Klarides said that after learning about Acker’s multiple convictions she decided to look into the state’s regulations for animal shelters and rescues and intends to develop a plan to close the loopholes for the next legislative session in January.

“I think we all believe in second chances,” Kalides said. “But when you’re convicted twice in two separate courtrooms in a 12 month period on numerous counts of animal cruelty I think someone needs to take a second look.”

The fact that the Connecticut Department of Agriculture doesn’t require nonprofit animal shelters and rescues to have a license from the department is one of the loopholes.

She was quick to note that she didn’t think local authorities weren’t doing their due diligence when inspecting the shelter, instead that Acker was able to continue operating his shelter due to loopholes.

“Unfortunately this is one of those situations where the individual knows how to skirt right around the edges,” she said. “The good police and the good animal control officers - be it in this town or other towns that he (Acker) has had situations in — can’t really charge him with anything at that moment.”

Animal Control Officer Edward Risko provided the Courier with a copy of a complaint about dog’s being left in the heat and the sick kittens on July 26. The report states that when the officer arrived at the shelter there weren’t any dogs outside. Animal Control also did a follow-up the next day.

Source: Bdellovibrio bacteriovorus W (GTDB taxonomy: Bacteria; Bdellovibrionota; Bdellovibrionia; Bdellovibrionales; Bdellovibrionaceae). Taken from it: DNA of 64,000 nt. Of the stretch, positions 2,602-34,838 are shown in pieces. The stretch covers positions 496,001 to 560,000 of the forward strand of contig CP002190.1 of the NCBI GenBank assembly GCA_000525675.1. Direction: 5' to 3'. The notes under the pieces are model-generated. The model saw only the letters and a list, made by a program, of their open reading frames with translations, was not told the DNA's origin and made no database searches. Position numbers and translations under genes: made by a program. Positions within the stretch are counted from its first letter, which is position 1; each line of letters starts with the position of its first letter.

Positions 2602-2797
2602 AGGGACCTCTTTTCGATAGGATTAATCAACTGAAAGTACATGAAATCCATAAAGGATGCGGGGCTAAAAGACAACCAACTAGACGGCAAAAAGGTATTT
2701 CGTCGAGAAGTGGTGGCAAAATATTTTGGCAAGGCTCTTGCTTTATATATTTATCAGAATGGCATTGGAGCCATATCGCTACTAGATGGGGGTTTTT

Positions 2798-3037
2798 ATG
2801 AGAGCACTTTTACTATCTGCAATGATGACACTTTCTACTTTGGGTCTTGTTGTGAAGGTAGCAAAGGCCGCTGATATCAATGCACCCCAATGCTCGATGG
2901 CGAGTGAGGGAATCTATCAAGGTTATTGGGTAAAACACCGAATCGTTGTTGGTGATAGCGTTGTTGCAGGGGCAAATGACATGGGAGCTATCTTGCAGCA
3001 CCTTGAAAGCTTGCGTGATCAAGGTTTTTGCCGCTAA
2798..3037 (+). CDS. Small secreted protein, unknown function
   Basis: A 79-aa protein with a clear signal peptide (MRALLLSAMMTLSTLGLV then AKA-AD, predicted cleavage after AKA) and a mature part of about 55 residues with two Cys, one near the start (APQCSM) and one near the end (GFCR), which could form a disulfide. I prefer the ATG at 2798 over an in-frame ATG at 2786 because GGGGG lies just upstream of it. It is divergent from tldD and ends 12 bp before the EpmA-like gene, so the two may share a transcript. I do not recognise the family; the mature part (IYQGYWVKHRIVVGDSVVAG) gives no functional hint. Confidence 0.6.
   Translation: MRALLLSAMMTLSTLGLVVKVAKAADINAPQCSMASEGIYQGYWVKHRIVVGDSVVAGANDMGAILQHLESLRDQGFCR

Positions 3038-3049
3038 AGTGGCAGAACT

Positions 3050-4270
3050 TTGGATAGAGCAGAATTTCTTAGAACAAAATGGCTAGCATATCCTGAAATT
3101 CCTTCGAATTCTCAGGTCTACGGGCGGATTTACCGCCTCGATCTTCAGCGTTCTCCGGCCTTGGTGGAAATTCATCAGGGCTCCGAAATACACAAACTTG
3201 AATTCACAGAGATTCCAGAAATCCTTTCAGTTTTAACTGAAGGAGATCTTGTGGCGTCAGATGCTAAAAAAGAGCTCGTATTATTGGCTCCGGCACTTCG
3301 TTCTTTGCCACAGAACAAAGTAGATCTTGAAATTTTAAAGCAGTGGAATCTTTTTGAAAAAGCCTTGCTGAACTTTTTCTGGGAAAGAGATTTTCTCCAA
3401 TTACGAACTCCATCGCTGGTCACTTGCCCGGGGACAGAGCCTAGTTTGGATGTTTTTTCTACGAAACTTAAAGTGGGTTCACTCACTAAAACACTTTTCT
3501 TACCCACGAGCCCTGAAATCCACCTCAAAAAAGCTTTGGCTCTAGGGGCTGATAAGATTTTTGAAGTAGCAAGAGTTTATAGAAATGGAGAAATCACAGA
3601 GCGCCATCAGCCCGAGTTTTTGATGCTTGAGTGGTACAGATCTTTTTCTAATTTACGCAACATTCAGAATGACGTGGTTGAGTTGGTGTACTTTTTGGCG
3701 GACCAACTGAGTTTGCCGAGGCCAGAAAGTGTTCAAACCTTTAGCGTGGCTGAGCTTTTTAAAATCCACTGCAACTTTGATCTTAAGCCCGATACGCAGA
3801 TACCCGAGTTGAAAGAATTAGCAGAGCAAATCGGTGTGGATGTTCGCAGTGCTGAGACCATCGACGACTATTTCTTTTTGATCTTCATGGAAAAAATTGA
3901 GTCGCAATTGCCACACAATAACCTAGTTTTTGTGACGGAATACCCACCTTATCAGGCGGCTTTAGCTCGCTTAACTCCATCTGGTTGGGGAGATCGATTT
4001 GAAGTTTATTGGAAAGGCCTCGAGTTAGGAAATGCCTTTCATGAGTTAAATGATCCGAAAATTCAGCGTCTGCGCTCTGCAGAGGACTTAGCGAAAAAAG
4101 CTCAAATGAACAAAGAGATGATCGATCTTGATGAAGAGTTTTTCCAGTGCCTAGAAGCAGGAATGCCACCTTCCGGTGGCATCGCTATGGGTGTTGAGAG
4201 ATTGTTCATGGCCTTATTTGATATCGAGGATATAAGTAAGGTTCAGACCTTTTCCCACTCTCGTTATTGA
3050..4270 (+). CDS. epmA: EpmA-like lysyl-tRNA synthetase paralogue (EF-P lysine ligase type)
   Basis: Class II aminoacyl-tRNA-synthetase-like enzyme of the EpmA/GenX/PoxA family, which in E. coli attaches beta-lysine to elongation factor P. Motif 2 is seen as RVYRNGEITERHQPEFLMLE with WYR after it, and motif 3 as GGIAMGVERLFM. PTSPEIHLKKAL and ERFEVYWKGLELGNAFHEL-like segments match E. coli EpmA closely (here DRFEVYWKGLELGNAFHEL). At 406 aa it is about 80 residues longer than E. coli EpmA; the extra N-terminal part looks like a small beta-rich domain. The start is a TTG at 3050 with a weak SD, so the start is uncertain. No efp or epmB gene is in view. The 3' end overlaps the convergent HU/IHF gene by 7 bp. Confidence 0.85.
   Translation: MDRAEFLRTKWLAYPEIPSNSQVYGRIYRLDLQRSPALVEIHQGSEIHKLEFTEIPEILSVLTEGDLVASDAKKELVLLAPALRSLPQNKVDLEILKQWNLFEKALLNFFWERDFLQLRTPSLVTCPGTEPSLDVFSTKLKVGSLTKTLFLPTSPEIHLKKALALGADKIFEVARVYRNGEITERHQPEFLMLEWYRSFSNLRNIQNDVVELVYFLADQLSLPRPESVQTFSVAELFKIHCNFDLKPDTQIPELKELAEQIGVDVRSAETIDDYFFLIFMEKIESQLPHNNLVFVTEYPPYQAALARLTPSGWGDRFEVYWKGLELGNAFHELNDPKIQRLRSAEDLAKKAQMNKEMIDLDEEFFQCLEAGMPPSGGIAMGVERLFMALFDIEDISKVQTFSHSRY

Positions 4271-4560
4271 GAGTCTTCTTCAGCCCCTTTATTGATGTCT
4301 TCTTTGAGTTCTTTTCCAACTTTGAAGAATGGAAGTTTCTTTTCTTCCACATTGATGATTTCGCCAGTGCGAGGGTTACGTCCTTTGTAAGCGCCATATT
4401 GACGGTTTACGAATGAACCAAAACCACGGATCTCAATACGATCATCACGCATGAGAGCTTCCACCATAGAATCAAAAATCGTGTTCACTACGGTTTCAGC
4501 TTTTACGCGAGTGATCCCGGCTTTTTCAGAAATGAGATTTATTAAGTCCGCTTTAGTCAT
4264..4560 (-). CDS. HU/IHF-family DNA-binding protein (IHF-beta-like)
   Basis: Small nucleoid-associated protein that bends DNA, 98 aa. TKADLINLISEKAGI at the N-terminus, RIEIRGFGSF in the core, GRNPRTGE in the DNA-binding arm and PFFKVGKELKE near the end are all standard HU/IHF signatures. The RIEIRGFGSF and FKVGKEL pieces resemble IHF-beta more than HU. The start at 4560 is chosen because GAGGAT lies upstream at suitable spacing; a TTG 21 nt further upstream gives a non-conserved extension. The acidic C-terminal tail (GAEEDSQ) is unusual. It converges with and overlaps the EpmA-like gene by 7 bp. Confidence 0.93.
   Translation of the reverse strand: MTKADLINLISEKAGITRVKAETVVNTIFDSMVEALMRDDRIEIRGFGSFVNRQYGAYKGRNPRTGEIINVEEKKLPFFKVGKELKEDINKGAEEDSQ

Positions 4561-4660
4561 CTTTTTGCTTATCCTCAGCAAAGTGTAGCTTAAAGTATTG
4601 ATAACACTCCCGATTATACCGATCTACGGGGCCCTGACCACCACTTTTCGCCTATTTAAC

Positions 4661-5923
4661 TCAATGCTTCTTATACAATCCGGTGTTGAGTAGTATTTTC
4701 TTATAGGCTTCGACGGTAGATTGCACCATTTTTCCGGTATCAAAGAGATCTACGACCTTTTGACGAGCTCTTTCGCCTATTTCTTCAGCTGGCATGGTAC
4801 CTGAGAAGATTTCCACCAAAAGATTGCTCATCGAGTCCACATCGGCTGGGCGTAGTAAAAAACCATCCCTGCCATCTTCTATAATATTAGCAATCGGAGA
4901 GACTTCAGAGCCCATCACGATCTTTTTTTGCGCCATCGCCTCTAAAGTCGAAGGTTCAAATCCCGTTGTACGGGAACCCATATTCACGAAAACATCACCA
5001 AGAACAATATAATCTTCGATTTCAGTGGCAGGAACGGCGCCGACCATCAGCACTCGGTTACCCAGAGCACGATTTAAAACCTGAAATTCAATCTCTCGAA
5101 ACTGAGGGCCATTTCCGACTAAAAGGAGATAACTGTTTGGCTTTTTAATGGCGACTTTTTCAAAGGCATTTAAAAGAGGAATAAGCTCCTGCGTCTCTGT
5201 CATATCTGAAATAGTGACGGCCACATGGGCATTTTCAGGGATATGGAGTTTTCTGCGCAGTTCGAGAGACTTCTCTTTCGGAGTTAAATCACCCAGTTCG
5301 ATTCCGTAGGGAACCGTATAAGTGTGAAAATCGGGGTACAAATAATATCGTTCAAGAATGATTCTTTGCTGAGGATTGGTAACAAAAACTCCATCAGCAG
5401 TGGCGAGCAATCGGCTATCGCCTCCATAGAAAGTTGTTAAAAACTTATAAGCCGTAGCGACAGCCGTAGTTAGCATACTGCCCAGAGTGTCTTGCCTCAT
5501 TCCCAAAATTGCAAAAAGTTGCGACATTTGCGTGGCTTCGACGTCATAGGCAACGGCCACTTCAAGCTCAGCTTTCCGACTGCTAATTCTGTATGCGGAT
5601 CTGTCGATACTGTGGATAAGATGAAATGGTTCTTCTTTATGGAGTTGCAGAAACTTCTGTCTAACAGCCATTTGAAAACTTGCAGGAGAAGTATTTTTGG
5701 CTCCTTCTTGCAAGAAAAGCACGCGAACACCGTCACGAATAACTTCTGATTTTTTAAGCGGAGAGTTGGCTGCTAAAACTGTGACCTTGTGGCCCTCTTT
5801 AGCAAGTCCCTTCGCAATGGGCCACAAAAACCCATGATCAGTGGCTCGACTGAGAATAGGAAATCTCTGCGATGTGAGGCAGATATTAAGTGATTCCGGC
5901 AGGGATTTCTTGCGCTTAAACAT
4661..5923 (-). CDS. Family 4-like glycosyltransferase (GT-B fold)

“The two officers inspected the facility and found no violations of existing state laws or municipal regulations. All of the animals were provided with water, food and shelter along with medical care as need. There was no over crowding. All of the cat rooms were air conditioned. The kittens were isolated (attempting to prevent spread of the illness) away from the other cats and under veterinary care,” the report said.

“We know our number one job is to make sure we protect the people that cannot protect themselves and even though pets are not people — they’re pretty darn close,” Klarides said. “At the very least they should be treated in a humane way.”

She then pledged to work with animal advocacy groups, legislators and local authorities to locate the loopholes and protect animals.

“We need to change our laws and our regulations to make sure that not only they are strict enough, but to make sure our judicial system is enforcing them,” she said. “We don’t want to stop anybody who is a good and caring person from taking care of animals, we want to make sure people who are clearly taking advantage of the system are not allowed to.”

Klarides received support from Vavrek and State Rep. Brenda Kupchick who were also present at the press conference.

Vavrek said he appreciates Klarides for addressing the situation with the SPCA of Connecticut Inc. based in Monroe.

“I have spoken to many residents in regard to the various conditions at this facility,” Vavrek said.

Vavrek also said, “we look forward to working with you to close any loopholes there may be in our laws for better conditions for these animals.”

“There is much more that can be done...this is just the beginning. We do have to tighten our laws and we do have to get rid of the loopholes and hopefully make is safer for all animals,” Vavrek said.

Kupchick said legislators need to also prevent people who have been convicted of animal cruelty from working with animals.

There are so many good rescues across the state of Connecticut who put their entire love and their compassion into saving animals and making sure they are treated appropriately and making sure they go to good homes. Unfortunately this rescue gives the rest of them a bad name,” Kupchick said.